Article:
I perhaps owe it to flowers that I became a painter – Monet
Claude Monet’s profound love for plants and gardens could not have been better described that in the way he portrayed them in his artwork. An avid horticulturist and one of the most notable gardens painters in the history of arts, his style of painting clearly evolved through his lifetime with finally placing him as one of the most prominent Impressionists.
Although Monet may be one of the first that come to mind, he is one among some other artists, that include Renoir, Cezanne, Pissarro, Manet, Sargent, Kandinsky, Van Gogh, Matisse, Klimt and Klee, who much like him, saw the beauty in a garden. Evidently, the symbiotic relationship between horticulture and painting, as shown by so many recognised artists, played a role in the evolution of the art through the years.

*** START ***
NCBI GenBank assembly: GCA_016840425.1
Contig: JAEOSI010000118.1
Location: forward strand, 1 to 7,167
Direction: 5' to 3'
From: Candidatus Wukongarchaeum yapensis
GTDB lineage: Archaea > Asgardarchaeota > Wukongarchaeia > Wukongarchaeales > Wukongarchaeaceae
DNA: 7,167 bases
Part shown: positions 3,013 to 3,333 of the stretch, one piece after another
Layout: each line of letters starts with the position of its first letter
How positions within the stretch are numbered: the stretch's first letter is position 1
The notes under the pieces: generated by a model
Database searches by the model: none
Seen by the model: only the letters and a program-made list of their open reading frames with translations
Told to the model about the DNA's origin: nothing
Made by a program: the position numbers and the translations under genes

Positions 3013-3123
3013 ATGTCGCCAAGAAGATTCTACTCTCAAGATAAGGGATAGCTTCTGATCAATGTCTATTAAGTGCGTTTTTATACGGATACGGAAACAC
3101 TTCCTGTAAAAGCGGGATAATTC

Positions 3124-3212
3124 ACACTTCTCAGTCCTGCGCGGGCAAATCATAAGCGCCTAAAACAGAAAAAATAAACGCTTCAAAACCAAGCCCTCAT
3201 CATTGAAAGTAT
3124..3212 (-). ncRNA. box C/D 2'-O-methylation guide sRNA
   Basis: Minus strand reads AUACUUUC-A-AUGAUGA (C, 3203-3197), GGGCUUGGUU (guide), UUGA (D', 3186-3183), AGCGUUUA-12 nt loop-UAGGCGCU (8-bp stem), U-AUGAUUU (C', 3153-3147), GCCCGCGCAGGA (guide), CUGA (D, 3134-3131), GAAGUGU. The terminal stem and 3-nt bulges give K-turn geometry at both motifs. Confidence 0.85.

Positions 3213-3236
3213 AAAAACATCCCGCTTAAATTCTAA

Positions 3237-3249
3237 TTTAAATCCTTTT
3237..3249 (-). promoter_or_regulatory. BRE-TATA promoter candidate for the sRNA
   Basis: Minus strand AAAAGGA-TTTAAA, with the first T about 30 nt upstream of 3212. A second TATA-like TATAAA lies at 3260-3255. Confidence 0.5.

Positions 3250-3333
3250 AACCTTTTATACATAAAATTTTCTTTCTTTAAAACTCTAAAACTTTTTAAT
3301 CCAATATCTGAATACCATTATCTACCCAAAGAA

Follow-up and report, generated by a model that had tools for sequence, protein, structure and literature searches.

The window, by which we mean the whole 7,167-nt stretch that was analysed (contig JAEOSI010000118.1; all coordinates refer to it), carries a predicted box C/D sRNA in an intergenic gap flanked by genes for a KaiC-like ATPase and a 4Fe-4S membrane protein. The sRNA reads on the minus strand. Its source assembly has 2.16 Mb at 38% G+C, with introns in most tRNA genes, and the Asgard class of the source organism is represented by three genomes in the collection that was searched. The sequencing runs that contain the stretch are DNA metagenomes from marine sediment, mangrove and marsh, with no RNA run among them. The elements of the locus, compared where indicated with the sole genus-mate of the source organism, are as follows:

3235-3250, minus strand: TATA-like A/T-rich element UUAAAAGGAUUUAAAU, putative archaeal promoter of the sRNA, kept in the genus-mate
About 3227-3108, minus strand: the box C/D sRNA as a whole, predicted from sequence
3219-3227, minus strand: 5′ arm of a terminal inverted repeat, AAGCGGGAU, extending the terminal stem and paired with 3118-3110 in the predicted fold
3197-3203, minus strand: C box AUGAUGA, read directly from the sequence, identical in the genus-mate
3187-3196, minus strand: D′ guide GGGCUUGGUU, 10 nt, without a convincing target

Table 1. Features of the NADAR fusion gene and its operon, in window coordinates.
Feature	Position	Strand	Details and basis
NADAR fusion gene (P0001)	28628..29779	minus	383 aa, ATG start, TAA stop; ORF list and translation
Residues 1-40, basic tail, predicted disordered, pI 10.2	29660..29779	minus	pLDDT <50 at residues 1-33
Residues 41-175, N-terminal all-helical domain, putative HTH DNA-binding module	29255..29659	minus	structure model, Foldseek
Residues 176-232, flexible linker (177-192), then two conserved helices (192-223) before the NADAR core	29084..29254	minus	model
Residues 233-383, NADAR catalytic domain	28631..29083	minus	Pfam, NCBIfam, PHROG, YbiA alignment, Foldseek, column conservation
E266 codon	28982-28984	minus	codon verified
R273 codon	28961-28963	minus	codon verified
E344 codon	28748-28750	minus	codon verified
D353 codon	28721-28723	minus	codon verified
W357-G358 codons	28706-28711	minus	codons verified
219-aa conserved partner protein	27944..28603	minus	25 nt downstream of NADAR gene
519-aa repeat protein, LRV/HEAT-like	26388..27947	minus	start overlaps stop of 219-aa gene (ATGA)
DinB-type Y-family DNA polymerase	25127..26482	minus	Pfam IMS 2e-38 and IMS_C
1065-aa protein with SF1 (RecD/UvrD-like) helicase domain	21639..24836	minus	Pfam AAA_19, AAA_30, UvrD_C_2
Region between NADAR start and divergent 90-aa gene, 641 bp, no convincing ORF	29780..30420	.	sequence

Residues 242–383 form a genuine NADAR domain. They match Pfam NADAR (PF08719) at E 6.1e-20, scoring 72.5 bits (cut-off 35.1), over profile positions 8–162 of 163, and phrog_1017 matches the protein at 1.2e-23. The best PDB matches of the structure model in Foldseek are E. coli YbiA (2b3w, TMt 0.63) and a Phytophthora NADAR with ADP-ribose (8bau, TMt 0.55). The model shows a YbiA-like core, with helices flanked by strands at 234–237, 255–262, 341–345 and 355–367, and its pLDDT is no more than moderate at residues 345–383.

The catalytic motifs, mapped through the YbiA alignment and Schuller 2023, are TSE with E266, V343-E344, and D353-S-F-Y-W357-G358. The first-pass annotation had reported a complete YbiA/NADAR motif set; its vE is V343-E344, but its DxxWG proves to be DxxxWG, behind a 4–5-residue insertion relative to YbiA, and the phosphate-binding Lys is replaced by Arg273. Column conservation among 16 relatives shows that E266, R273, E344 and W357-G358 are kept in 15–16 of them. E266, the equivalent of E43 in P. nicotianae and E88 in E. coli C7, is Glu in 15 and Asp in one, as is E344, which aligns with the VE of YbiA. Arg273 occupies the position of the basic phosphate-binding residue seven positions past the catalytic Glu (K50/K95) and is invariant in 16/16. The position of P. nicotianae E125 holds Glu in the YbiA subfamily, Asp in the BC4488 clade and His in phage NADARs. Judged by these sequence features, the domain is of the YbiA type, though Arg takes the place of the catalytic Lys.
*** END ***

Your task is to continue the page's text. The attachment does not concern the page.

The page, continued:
The Royal Academy of Arts dedicated a whole exhibition to this topic – Painting the Modern Garden: Monet to Matisse , bringing together works of so many notable painters of the late 19th and early 20th century, who all studied the subject of garden, but who were able to approach it in their own unique way. As expected, the exhibition portrays the evolution of the theme and the use of light, motifs, colours, design and ideas. Despite years that passed, the paintings still strongly resonate with modern audience.
Setting the paintings to signal broad artistic movements, besides social and political events, is perhaps an excellent pathway to uncover the garden’s role as a multifaceted theme. The exhibition walls depicting the artists’ gardens are a true marvel. For both the lovers of art and lovers of gardens, this is an exhibition not to miss.